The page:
When you turn on a tap and water flows out, it seems like a very natural process. There’s never a sense of the journey it’s been through or the energy that’s gone into the cleaning process. It’s just there. While we have probably learned via osmosis that saving water is a good idea, how hard are we really trying? Perhaps we don’t see the necessity given all the water that surrounds us in the UK and the perceived continual rain showers.

Well, water expert Cath Hassell from ech2o consultants is my latest podcast guest. It was fascinating to learn more about the UK’s system and how we can save more water by using simple technologies in our homes as well as changing our behaviour. Saving water does equate to saving energy but, as I found out, not all water is equal. Hot water has an added burden of CO2 emissions – as water still tends to be heated by fossil fuels – and this makes it more important to save hot water than cold water.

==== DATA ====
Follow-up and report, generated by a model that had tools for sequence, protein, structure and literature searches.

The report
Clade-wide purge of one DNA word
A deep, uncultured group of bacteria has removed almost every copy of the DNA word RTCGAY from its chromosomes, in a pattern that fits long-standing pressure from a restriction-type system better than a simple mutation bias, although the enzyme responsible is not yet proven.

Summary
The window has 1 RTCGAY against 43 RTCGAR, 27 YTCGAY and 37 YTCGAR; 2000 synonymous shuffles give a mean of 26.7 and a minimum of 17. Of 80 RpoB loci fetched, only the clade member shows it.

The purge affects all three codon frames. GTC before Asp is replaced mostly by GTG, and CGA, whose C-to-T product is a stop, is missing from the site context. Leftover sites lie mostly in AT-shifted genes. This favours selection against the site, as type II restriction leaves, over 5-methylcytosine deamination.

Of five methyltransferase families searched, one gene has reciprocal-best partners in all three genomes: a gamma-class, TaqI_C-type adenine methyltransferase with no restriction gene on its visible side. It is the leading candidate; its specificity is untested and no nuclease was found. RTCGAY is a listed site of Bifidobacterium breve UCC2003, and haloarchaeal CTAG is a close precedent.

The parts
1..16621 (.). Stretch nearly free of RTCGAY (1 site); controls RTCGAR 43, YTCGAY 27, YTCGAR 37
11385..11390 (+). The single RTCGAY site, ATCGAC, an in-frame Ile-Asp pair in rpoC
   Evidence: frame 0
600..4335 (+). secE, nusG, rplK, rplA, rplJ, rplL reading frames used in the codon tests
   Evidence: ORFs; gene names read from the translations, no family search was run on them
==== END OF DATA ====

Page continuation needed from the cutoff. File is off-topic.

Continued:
If you also consider the statistics that we only drink about 1% of the water that enters our homes and use 1-3% for cooking, you quickly see that most is needed for washing ourselves and flushing the loo.

Over the years the maximum toilet flush volume has reduced from 15 litres to 6 litres which is a big step forward. Installing the most efficient dual flush systems can allow us to save even more water. When it comes to showering, technology has almost taken us the other way! Flow rates have increased as power showers (and so on) have become available. That means a 5-minute shower could be the difference between using 35 and 100 litres. We can put that into context as the average person only uses 150 litres per day. Then there are baths to consider!

Anyway Cath Hassell not only has a brief history of water but she explains how she’s set up her own house and the water-saving habits she lives by. Listen to this interview by downloading the podcast from iTunes.

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